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Original Essays | September 15, 2014

Lois Leveen: IMG Forsooth Me Not: Shakespeare, Juliet, Her Nurse, and a Novel



There's this writer, William Shakespeare. Perhaps you've heard of him. He wrote this play, Romeo and Juliet. Maybe you've heard of it as well. It's... Continue »
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Easter Rising: A Memoir of Roots and Rebellion

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Easter Rising: A Memoir of Roots and Rebellion Cover

ISBN13: 9780618918638
ISBN10: 0618918639
Condition: Student Owned
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Synopses & Reviews

Please note that used books may not include additional media (study guides, CDs, DVDs, solutions manuals, etc.) as described in the publisher comments.

Publisher Comments:

Michael Patrick MacDonald's memoir All Souls told the story of the loss of four of his siblings to the violence, poverty, and gangsterism of Irish South Boston. In his numerous speaking engagements ever since, MacDonald is frequently asked, "How did you get out?" Easter Rising is the searing answer to that question. Desperate to escape the "normal" route of violence and drugs that surrounds him, MacDonald finds his identity in the burgeoning punk rock movement. His forays into the Boston underground and New York's East Village pull him into the club scene vortex of Johnny Rotten, Mission of Burma, and the Clash.

At nineteen MacDonald heads to Paris and then London. Running out of money, he contacts his Irish immigrant grandfather — who once accused him of "worshipping the devil with the punk rocks." Grandpa offers a loan, but only if Michael promises to visit Ireland. It is this journey "home" that offers MacDonald a chance at reconciliation with his tumultuous past.

Review:

"In All Souls, MacDonald told the heartbreaking story of the tragic deaths of four of his siblings and his family's suffering amidst a culture of silence in Southie, Boston's tough Irish ghetto. He also introduced the enduring character of his accordian-playing, fist-fighting 'Ma,' who raised her massive family on her own. MacDonald's second memoir continues the saga with the author turning his gaze upon himself in hope of explaining how he escaped where his brethren succumbed. It quickly becomes apparent that his survival has much to do with his perpetual status as the exile. He's the 'quiet one' in his big Irish-Catholic family, the poor kid at Boston Latin High School. When his friends branch into drugs and alcohol, MacDonald remains sober, seeking refuge and a renewed sense of self in Boston's burgeoning early '80s punk rock scene, where he encounters such seminal figures as the Clash and Johnny Rotten. As the odd man out looking for a place to fit in, MacDonald journeys further and further away from Southie — first to downtown Boston, then to New York's Lower East Side — and the dangerous neighborhood rites that spelled doom for his family members. The book takes on a different tone as MacDonald heads to Europe after going to the Southie funeral of his father, a man he never knew. On different occasions — once with Ma — he finds his way to Ireland, his ancestral homeland, 'to understand more about Southie, and Irish America in general.' Even though MacDonald is far from the first Irish-American to discover the auld sod, he continues to courageously break Southie's silence in this tale of a journey that is as inspiring as it is haunting. (Sept.)" Publishers Weekly (Starred Review) (Copyright Reed Business Information, Inc.)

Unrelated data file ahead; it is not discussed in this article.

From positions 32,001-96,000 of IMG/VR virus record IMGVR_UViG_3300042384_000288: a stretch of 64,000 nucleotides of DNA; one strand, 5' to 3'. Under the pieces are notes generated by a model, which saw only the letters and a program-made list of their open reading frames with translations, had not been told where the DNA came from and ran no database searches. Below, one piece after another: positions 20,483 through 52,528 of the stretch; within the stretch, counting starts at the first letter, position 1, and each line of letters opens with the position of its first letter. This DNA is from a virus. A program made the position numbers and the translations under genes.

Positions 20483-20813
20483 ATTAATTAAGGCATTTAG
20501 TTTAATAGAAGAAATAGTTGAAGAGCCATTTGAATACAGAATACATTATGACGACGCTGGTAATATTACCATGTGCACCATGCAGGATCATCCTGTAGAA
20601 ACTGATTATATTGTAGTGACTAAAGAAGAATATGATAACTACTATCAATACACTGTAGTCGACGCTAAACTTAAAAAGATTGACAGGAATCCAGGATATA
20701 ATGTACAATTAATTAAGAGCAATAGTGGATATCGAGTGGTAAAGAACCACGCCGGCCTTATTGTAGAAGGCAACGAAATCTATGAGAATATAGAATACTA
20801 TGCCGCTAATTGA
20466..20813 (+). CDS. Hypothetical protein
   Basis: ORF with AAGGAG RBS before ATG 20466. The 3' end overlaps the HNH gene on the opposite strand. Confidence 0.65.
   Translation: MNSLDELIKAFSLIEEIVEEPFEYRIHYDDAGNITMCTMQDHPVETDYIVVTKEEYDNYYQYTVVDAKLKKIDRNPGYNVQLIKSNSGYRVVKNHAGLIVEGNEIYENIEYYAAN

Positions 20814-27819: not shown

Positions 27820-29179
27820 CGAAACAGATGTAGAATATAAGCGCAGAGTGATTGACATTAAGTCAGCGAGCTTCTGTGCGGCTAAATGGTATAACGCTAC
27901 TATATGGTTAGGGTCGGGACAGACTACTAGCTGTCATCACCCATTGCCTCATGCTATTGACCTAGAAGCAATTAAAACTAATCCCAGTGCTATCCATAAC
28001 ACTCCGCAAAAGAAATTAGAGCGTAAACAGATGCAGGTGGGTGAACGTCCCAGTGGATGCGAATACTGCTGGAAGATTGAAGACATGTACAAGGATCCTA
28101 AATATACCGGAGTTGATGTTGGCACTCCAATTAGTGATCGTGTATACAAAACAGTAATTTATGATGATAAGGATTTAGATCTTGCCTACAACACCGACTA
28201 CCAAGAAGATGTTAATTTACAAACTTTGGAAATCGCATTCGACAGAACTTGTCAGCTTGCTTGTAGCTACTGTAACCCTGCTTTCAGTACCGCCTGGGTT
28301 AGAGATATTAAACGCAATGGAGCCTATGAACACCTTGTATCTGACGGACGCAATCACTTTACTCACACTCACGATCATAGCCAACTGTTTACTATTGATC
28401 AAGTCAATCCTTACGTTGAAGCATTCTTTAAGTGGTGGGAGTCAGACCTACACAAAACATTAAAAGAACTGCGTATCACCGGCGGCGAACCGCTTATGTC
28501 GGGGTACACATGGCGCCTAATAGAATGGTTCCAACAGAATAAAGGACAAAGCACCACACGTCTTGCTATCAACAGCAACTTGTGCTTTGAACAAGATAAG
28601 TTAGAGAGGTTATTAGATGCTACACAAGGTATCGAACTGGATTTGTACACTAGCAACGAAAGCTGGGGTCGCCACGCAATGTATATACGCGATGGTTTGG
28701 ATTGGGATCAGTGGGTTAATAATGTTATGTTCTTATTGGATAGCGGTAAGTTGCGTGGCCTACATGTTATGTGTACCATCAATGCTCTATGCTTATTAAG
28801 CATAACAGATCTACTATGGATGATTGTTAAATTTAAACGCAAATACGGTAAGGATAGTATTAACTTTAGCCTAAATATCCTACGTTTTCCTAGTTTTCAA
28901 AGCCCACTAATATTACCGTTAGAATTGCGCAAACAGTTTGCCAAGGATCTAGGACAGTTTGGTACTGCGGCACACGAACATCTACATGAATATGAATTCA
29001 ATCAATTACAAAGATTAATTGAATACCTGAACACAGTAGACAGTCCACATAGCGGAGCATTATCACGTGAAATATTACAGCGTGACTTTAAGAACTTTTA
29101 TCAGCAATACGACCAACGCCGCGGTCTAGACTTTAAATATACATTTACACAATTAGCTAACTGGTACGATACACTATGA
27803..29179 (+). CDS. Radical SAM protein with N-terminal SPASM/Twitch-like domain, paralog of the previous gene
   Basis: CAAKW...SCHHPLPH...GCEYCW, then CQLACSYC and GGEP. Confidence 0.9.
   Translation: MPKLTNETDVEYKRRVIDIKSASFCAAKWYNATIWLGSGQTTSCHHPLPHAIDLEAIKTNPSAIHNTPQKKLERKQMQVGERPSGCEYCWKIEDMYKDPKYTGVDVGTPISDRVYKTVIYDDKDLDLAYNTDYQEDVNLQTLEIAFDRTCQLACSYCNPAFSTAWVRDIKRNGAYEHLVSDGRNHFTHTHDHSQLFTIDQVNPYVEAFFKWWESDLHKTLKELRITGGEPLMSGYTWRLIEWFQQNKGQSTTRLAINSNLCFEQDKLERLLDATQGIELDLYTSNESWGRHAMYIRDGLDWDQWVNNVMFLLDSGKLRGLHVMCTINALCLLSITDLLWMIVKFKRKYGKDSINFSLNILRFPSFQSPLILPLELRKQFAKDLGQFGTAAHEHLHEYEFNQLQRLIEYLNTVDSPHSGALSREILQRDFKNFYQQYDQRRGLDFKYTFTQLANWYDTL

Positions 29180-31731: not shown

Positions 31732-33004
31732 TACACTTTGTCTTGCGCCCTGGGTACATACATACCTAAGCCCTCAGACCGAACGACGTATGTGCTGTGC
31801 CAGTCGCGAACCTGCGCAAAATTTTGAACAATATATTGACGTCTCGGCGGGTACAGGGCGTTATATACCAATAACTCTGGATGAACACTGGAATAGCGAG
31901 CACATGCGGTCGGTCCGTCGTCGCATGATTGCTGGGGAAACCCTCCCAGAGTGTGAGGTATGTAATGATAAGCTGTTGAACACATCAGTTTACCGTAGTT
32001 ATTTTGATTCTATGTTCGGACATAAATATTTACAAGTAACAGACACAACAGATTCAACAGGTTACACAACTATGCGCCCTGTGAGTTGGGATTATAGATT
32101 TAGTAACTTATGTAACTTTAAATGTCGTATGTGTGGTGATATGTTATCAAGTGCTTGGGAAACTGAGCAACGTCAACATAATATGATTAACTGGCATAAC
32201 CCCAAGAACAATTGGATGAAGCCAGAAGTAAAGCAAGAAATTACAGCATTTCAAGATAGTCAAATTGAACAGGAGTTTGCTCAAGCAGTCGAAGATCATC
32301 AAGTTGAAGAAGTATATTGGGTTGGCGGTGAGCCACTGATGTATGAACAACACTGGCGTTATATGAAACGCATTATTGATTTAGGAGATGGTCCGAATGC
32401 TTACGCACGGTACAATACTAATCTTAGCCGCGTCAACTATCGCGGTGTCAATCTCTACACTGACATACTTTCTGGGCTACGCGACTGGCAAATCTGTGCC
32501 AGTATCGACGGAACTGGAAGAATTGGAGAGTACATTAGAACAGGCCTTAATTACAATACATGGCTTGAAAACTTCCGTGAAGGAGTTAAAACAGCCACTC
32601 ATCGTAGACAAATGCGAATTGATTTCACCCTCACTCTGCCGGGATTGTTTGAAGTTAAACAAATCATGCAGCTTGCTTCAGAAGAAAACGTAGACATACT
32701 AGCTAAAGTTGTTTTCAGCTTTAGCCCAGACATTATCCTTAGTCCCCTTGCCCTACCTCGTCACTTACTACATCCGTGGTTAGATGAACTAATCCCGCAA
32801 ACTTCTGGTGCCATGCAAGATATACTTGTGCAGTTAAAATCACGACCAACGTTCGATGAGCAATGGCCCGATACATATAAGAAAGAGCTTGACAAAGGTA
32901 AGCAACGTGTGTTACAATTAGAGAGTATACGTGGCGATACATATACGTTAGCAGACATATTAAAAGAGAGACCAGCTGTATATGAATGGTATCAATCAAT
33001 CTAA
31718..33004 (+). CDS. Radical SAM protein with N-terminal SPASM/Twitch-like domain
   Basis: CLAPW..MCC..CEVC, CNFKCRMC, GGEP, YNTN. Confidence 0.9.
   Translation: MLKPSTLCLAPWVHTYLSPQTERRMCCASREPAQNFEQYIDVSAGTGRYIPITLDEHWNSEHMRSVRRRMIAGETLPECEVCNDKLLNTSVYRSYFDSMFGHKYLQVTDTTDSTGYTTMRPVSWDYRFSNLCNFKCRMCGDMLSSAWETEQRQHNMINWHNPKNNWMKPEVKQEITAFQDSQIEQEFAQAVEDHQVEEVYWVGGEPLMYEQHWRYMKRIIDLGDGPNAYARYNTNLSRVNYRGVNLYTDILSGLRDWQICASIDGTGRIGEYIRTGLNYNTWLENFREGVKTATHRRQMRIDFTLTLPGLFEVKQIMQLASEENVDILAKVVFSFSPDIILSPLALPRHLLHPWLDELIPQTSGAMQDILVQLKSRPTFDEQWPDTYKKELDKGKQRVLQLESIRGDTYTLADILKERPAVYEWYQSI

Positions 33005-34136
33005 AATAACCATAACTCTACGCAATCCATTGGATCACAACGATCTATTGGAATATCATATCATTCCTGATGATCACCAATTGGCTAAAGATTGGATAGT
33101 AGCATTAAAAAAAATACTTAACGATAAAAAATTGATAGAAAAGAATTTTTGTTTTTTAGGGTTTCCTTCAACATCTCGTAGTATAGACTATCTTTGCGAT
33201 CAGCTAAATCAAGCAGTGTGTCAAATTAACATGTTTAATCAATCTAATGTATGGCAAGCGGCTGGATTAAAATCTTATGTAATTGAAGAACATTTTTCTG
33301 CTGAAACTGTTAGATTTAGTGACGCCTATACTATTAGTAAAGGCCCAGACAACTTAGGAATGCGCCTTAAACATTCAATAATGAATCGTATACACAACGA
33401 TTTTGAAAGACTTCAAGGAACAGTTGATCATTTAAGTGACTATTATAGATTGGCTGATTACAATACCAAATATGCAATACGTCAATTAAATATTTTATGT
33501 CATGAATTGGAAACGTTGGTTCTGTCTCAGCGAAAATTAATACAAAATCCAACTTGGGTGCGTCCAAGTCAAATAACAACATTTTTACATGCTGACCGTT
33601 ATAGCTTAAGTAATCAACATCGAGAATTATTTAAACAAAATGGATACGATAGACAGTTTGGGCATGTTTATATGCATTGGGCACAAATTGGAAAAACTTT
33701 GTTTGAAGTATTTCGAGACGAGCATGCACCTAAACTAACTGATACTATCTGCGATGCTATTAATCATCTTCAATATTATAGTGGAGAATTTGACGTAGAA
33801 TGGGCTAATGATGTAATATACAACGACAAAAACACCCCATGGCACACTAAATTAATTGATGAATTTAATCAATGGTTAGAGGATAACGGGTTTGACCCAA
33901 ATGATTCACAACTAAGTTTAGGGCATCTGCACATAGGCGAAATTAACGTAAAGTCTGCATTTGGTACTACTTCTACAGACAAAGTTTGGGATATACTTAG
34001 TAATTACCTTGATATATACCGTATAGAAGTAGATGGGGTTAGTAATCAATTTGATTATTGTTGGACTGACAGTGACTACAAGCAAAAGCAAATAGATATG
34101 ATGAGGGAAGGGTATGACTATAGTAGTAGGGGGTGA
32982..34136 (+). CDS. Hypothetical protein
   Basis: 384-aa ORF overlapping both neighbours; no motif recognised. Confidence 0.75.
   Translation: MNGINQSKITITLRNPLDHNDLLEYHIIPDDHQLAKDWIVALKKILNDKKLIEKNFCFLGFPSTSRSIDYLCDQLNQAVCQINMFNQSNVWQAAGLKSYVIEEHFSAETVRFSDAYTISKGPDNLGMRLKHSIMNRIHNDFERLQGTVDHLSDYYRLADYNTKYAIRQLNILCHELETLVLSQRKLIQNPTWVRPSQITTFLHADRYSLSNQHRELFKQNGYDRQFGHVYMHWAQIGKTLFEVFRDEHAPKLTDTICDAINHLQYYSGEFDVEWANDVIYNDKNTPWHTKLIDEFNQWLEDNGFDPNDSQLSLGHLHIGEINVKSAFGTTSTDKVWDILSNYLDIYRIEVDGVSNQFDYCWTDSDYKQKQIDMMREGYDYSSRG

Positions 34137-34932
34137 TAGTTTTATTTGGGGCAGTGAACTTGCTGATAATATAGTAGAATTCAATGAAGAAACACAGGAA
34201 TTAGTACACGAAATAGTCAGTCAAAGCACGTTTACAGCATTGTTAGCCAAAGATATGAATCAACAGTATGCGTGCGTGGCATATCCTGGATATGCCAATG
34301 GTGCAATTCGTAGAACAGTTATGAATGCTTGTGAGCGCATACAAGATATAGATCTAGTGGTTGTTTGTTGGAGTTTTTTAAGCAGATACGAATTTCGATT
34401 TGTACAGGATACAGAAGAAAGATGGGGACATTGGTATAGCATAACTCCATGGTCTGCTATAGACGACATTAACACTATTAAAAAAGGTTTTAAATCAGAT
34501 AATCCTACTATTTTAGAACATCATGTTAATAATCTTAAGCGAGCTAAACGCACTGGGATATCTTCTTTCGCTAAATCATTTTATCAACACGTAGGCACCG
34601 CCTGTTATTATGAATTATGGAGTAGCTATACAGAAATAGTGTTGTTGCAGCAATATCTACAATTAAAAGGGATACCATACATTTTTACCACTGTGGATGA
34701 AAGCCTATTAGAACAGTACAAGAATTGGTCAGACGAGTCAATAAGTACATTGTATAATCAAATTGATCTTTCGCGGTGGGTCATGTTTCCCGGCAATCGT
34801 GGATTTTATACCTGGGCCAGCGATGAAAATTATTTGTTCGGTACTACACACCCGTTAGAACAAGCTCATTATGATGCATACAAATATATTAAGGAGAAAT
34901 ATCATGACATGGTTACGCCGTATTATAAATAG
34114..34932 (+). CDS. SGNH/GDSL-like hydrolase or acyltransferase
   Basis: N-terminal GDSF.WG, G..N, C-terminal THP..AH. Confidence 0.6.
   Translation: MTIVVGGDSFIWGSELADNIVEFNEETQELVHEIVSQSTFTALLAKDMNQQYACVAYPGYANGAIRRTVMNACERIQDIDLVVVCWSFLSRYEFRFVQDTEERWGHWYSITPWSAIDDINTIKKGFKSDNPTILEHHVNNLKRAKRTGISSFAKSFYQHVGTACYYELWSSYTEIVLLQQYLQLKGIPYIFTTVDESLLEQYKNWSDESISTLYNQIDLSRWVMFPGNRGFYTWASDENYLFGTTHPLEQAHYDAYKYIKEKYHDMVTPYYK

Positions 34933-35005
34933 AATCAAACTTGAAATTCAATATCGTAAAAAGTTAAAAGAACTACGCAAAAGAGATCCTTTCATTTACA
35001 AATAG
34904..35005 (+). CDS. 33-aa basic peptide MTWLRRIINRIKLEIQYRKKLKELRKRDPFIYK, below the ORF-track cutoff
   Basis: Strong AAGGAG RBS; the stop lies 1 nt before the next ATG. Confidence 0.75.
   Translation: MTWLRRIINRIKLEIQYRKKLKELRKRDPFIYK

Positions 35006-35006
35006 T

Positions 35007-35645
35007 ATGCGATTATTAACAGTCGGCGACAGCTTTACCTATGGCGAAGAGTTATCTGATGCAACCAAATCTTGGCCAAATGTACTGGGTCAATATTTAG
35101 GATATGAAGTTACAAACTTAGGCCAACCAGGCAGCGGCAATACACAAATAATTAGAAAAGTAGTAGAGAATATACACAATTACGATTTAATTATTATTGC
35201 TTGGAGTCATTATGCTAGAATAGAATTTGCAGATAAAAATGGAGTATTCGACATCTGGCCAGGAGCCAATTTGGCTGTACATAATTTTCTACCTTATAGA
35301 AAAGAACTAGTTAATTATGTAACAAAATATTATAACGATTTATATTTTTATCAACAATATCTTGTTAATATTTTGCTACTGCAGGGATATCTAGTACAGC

Review:

"Though the author, now a social activist, emerged physically unscathed from his upbringing, the emotional scars he bears are undeniable." Kirkus Reviews

Review:

"MacDonald deftly captures the thrilling and surprising initial relevance of the underground culture, shrugging off the more juvenile aspects that would soon pervade its aesthetic." Booklist

Synopsis:

This follow-up to his memoir All Souls tells of MacDonald's desperate need to escape the "normal" route of violence and drugs that surrounded him in Boston. He chronicles how he found his identity in the burgeoning New York punk rock movement of the 1970s.

Synopsis:

In All Souls, Michael Patrick MacDonald told the story of the loss of four of his siblings to the violence, poverty, and gangsterism of Irish South Boston. In Easter Rising he tells the story of how he got out. Desperate to avoid the “normal” life of Southie, Michael reinvents himself in the burgeoning punk rock movement and the thrilling vortex of Johnny Rotten, Mission of Burma, and the Clash.

At nineteen MacDonald escapes further, to Paris and then London. Out of money, he contacts his Irish immigrant grandfather — who offers a loan, but only if Michael will visit Ireland. It is this reluctant journey “home” that offers MacDonald a chance at reconciliation — with his heritage, his neighborhood, and his family — and a way forward.